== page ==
This is getting off the Vista path, but since you asked... The concept is that malware written for Windows operating systems doesn't effect other operating systems like Linux. So while your Windows OS may not work properly (due to malware, misconfiguration, etc.), a Linux OS on the same machine can run with no problems. Of course if the problem is due to hardware issues, then neither will likely work.
Live Linux distributions (there are many) are packages which include enough of the Linux operating system to boot from a single disc (usually either a CD or DVD) You can pick them up in a number of places - some are included in magazines, available in bookstores, etc., for the price of the magazine. Many are available for free online. You download the disc image and burn it to your own CD/DVD.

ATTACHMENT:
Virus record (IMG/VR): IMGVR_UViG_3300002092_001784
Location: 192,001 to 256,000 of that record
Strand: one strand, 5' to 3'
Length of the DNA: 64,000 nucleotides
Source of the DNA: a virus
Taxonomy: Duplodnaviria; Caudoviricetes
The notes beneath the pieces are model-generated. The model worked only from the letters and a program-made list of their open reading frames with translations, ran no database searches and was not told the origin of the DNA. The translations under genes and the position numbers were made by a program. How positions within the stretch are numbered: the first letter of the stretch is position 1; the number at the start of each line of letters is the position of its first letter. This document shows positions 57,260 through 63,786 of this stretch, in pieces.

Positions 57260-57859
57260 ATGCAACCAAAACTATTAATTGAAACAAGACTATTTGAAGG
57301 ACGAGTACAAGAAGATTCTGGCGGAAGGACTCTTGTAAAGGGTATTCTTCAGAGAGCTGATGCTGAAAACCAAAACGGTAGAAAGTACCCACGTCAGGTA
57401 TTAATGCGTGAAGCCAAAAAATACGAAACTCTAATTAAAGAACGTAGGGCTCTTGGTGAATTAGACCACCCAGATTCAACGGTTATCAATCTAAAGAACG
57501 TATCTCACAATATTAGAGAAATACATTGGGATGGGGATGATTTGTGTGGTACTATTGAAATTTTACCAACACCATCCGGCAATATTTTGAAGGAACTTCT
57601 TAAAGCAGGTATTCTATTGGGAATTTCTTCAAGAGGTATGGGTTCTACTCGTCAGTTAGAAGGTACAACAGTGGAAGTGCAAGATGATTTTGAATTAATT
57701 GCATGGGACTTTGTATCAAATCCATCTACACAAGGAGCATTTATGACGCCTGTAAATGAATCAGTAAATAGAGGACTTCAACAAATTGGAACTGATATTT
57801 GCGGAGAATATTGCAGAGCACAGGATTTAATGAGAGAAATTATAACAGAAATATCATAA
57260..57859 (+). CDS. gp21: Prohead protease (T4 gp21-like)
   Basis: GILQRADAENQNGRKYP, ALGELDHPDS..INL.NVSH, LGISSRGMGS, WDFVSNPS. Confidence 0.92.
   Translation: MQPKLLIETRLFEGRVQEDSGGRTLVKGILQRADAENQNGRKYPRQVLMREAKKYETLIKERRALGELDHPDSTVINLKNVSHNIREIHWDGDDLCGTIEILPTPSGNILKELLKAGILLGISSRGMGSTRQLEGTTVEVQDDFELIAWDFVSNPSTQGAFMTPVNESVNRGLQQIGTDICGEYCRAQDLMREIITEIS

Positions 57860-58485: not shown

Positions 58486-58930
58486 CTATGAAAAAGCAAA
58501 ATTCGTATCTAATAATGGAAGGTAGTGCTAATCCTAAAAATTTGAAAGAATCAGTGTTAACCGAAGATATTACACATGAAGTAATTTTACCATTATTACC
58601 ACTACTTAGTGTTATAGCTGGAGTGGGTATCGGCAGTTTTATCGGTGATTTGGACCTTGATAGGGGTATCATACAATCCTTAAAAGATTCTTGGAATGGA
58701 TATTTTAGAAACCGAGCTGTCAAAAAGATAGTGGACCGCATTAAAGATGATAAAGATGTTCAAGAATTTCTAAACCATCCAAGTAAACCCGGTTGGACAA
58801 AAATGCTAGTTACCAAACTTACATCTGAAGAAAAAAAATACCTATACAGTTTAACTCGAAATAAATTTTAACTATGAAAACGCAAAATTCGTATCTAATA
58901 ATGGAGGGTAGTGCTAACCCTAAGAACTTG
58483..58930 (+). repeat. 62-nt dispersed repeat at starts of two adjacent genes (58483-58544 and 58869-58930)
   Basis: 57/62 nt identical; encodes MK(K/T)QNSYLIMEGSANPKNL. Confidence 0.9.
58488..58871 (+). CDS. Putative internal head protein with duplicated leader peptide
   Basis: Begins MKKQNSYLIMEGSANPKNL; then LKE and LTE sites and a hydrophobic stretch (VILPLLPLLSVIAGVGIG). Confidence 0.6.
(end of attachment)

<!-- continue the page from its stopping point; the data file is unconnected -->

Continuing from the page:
Stick the disc in your optical drive (with boot order set to CD/DVD drive first), hit the power button, and a few minutes later (usually much quicker than Windows loads) you are faced with configuration screens (time zone, video display, etc) and then get a functioning desktop with web browser, media player, word processor, spreadsheet.... Different distributions vary with what's included, but I hope this is enough for you to get the picture.
Much more than this should probably be discussed over in the Operating Systems - Forums - Linux & Unix area. I will give you this much...
The distribution I am currently using is called Puppy Linux. Designed to support 'older' hardware and run completely from a CD which is loaded into RAM. You can save settings and personal info on your hard drive or say a USB drive, but if you choose not to you exit and there is no trace of it on the machine (good for public access machines or 'just to see what it's like'). If you're interested, click here
, Wary 5.0 is the current 'stable' release (Linux systems are continually going through development). As I said, Puppy Linux is just one of many 'distros' available.